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Virginia State University Set To Forgive Student Balances For Those Enrolled Within The Last Year

Virginia State University Set To Forgive Student Balances For Those Enrolled Within The Last Year

This is the best way to support students!

Virginia State University (VSU) is set to forgive the student account balances for those enrolled during the COVID-19 pandemic, The Grio reports.

The university recently announced that it would be forgiving balances for students enrolled during the pandemic, utilizing money received through the CARES (Coronavirus Aid, Relief, and Economic Security) Act.

The act was passed in March 2020, allotting $2 trillion in stimulus funds for economic recovery resulting from the coronavirus pandemic. Nearly $31 billion of that money was designated for schools. Since then, VSU used the funding to improve air quality at the school, purchase necessary staff equipment, and give stipends to students in need when the school was shut down in March. The school will be clearing balances for any student who took classes from March 13, 2020, through the spring semester of 2021.

“We care about our students and their academic success and want to provide them the privilege of moving forward with a zero balance. We believe that relieving them from these balances will provide much-needed relief that will allow our scholars to focus more intently on their academics and degree completion,” Donald Palm, provost and senior vice president of academic and student affairs, said.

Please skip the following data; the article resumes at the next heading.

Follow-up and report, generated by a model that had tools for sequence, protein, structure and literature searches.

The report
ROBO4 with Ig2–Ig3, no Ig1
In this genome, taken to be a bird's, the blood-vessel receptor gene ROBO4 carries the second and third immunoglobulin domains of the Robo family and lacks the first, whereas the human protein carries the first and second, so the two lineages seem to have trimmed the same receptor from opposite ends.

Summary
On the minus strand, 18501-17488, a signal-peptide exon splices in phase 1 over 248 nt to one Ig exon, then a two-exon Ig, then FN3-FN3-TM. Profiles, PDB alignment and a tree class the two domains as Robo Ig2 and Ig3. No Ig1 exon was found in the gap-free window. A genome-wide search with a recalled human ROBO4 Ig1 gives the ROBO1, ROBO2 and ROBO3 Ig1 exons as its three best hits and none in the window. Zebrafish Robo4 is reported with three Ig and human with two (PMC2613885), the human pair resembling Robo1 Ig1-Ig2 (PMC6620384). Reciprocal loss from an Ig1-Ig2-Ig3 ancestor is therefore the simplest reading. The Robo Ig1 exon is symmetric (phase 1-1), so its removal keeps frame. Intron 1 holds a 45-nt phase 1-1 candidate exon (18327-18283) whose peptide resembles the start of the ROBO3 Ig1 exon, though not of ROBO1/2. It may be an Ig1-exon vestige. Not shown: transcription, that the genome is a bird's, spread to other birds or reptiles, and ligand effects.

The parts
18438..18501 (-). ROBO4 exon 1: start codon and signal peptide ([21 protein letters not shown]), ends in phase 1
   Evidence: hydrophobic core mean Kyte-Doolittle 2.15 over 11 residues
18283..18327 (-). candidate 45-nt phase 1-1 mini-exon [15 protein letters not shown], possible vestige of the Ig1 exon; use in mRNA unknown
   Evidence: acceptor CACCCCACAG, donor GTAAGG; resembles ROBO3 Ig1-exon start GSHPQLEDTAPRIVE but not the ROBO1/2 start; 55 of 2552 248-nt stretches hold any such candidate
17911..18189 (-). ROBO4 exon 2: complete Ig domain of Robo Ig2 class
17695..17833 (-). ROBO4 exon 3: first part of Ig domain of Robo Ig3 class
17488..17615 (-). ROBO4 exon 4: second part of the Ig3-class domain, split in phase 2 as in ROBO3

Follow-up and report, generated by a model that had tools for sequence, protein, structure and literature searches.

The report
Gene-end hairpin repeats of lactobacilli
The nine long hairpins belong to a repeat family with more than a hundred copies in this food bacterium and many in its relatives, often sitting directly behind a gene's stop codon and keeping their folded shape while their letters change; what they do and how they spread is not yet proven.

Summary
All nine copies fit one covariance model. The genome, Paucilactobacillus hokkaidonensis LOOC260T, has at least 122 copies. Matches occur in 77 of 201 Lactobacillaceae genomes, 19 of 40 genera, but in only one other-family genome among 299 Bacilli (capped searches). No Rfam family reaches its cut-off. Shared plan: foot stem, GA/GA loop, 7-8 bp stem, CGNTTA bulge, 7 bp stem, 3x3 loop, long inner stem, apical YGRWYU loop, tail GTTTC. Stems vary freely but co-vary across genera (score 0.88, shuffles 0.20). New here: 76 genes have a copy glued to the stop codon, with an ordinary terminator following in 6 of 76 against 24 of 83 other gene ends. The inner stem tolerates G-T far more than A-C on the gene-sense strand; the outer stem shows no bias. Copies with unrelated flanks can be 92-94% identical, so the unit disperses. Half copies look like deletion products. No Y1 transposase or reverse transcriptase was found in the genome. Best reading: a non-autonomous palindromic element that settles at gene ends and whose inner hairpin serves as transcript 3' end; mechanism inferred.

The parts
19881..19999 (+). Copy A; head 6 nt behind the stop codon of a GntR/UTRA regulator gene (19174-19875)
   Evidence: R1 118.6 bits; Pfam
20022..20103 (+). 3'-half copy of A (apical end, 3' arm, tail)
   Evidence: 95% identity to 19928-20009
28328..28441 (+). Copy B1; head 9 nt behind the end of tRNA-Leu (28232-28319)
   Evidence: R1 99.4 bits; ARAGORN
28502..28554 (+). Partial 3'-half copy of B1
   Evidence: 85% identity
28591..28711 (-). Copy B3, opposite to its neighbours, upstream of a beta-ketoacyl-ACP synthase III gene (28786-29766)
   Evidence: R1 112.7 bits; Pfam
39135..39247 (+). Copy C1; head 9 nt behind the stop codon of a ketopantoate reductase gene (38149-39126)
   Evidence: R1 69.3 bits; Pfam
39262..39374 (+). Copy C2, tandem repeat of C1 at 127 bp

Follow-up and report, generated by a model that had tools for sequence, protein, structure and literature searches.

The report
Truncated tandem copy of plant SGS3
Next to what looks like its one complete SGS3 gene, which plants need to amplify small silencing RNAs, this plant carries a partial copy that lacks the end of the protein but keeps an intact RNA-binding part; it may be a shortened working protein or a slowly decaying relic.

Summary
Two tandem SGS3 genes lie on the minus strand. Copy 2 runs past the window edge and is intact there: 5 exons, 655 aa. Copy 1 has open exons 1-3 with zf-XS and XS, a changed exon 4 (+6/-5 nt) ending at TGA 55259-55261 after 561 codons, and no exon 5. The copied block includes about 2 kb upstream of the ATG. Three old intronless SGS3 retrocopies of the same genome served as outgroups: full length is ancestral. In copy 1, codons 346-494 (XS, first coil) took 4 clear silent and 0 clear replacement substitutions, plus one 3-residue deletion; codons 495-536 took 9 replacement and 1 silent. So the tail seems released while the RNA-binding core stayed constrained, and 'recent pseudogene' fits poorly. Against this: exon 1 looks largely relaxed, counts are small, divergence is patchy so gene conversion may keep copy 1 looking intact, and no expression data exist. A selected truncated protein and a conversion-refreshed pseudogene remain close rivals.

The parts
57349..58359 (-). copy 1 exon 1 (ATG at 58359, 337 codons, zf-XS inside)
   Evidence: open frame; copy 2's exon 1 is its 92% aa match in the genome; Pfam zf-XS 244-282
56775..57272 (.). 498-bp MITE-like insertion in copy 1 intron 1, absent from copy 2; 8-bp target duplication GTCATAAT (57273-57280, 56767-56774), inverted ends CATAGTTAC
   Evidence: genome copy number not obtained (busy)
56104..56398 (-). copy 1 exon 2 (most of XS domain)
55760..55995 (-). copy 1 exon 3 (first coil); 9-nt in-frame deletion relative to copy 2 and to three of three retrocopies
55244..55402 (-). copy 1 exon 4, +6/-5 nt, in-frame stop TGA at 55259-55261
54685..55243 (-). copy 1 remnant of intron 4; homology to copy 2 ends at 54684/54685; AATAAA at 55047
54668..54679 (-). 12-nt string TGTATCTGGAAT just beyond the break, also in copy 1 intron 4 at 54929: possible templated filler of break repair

The HBCU will extend the forgiveness to all VSU balances after federal, state, and private awards are applied. Balance forgiveness does not include outside loans. VSU joins other HBCUs like Virginia Union, who have used CARES Act funds to forgive student debt, VUU announcing this past June that they would allot $6.3 million toward student debt forgiveness. 

VSU student James Ricks said he is grateful that the school is paying it forward when students need it the most.

“We didn’t know how to react to [the pandemic], especially from a student standpoint. We’ve been in face-to-face classes our whole life, so for this pandemic to hit and change the whole narrative, the whole perspective of us being virtual, we didn’t know how to react...Our resources can be very scarce depending on where we’re from, of course...I consider this a reward and an acknowledgment...We pushed through it,” Ricks said. 





We hope to see more schools follow suit. Go Trojans!

Photo Courtesy of Virginia State University